6. Ponder questions for your autobiography like, how do your parents feel about education? Resist the urge to say they hate education and schools and especially do-gooder teachers, but that they also hate puppies and kittens, rainbows and balloons. Do not say your parents are puppy-kicking balloon-poppers.
7. Invite a social worker into your home and show her that you keep your medicines locked away, your fire ladder in the baby-to-be’s room, and your floors shiny-clean.
11. Try not to punch the social worker who says you seem really anxious about this when you’re waiting to hear from a prospective birth mother.
12. Make a spreadsheet with everything an infant could possibly need –from diaper wipes and burp cloths to gliders and strollers –while you wait.
13. Decide you’re sick of waiting and start researching other options/agencies. Find the notes from friends of friends you talked to ages ago.
14. Resist the urge to get a tiny dog or a gerbil or any other small animal that you can carry in your purse. Resist. A Chihuahua is, in fact, not a baby.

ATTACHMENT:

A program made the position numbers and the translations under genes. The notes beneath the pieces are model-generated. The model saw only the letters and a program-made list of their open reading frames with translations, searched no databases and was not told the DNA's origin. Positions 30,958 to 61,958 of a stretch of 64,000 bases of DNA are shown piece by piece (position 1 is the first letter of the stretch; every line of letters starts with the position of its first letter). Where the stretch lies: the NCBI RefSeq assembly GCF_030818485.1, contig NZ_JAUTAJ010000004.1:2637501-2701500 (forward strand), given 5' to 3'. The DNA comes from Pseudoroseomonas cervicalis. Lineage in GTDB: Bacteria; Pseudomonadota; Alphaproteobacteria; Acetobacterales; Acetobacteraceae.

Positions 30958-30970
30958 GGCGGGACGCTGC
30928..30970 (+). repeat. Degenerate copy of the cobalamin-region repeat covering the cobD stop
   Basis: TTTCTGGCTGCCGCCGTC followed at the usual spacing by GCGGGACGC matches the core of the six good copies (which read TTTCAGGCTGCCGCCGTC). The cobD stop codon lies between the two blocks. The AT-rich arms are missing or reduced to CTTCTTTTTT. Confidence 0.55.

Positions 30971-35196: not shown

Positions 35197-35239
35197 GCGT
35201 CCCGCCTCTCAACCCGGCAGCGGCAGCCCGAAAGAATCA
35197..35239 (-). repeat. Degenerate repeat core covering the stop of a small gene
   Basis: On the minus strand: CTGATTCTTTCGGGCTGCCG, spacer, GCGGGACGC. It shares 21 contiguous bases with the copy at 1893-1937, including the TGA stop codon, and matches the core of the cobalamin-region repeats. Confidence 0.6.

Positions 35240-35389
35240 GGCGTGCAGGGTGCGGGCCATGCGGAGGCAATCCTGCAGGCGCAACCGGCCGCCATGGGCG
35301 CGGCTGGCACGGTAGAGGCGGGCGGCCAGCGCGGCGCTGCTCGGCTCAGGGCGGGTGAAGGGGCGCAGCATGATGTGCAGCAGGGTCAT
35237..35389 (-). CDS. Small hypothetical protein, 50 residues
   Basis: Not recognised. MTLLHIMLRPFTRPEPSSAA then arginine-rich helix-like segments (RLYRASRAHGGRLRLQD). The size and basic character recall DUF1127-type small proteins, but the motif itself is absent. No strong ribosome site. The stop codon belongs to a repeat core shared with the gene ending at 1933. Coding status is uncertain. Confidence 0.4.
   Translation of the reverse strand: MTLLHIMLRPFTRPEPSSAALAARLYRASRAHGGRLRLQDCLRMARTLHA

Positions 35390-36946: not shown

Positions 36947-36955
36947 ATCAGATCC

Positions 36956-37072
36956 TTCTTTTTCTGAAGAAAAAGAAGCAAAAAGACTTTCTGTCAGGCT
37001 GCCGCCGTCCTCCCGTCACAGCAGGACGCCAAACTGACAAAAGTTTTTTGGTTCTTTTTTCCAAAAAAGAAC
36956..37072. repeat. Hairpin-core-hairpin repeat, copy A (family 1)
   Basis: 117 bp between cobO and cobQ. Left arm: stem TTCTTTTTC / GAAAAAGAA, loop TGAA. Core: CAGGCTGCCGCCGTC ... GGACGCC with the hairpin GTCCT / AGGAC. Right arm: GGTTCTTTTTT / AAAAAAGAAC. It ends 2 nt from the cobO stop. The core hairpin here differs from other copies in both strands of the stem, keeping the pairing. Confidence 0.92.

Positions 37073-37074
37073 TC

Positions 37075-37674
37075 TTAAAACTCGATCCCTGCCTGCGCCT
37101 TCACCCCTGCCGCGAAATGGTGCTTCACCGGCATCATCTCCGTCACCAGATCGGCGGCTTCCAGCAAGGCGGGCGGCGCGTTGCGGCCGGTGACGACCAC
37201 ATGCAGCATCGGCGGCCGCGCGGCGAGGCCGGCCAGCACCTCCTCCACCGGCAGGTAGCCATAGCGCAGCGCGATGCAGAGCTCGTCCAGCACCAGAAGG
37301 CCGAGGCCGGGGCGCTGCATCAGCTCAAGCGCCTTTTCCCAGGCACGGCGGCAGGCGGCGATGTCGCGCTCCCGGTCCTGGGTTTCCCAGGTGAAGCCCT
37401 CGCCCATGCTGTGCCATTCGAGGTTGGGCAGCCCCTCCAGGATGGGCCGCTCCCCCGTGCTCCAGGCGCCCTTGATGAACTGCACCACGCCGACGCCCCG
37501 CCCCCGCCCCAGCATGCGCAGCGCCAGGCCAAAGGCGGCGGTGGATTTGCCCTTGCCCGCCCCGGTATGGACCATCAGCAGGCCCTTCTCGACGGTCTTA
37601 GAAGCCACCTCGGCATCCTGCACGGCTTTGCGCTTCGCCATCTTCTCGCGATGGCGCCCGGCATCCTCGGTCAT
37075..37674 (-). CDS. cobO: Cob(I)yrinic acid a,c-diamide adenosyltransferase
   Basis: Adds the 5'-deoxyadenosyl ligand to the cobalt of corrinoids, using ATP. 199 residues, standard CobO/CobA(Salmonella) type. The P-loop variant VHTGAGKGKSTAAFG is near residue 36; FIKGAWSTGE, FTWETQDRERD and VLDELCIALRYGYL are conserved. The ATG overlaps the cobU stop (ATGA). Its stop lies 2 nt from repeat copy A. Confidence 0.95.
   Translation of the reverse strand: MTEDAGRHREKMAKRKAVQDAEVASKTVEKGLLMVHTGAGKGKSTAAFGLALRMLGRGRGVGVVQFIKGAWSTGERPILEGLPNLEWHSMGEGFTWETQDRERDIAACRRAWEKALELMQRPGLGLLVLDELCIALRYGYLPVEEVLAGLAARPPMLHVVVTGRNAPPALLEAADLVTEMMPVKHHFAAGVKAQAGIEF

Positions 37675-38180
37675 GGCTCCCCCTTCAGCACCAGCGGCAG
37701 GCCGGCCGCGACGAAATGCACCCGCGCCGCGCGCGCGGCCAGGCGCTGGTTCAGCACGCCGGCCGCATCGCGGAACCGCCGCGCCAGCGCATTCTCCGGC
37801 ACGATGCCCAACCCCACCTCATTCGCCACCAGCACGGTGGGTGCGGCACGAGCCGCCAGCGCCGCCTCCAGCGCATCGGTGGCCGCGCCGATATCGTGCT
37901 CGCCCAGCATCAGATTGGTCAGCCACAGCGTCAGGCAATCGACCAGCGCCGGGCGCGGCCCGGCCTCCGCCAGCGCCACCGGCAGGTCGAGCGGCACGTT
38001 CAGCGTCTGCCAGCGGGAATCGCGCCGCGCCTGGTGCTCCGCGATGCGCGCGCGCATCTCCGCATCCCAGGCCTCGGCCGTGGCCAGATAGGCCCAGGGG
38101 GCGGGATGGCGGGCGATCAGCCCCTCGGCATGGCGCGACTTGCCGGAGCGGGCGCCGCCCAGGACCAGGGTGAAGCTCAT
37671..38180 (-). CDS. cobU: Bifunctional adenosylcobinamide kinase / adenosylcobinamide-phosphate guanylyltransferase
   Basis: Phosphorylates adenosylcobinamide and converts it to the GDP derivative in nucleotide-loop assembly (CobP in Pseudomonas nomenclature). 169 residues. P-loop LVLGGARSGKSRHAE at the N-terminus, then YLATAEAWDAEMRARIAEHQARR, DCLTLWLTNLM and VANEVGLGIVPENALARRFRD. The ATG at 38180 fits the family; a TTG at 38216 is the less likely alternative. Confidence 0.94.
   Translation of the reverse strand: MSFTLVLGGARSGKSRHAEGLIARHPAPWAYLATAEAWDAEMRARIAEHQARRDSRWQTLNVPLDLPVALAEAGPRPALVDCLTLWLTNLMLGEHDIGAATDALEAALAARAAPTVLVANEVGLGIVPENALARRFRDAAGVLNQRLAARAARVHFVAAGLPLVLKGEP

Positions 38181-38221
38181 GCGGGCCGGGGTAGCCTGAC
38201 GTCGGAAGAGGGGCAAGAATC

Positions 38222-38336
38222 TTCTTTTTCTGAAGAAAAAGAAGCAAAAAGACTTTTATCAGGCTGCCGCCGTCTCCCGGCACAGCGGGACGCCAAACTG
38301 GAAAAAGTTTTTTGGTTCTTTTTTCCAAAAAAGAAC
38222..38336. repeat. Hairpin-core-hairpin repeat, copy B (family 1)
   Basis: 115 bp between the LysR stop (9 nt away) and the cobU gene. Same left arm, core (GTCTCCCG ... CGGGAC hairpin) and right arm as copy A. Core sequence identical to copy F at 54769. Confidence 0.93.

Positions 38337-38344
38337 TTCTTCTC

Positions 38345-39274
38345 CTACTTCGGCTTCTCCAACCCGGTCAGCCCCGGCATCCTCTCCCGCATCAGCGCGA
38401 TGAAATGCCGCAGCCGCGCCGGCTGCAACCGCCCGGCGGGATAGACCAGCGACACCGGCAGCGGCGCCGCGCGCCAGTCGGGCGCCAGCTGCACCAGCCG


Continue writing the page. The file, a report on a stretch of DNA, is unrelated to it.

15. Find an independent facilitator. Send her your homestudy.
16. Don’t let her pressure you into a situation that isn’t right for you.
17. When she yells at you, you may want to tell her she should be ashamed. You may stop talking to her.
18. Hand the phone to your spouse when she calls a week later. She’ll tell him your baby has been born.
19. Leave a bag of dog food on the back porch and, on the way to the airport, ask your parents to come get your dog.
20. When you meet your baby, she may be wrapped in a purple hand-knit blanket and have an orange bow stuck to her head with a dab of maple syrup.
21. Spend 3 weeks in a rented condo/bachelor pad.
22. You may dream that you can’t find your baby buried in your bedding and you may wake up pulling the sheets off your bed panicked. Totally normal.
23. Go ahead and check your three giant bags and a boxed-up pack-n-play on your way home. The airline will look the other way.
24. When you get home, open your doors to your friends and family. Let them love her. Take their pictures with her. Let them celebrate. They’ve been waiting too.
25. You may run into her room while she’s sleeping to be sure she’s still breathing. Also totally normal.
26. Dress her in tiny hand-knit socks and hats. Take pictures.
27. Put her in a swing. Take a picture. Watch her crawl. Take a picture. Put a ponytail in her hair. Take a picture. Put her in the snow. Put her in the water. Lean her against the dog. Take pictures, pictures, pictures.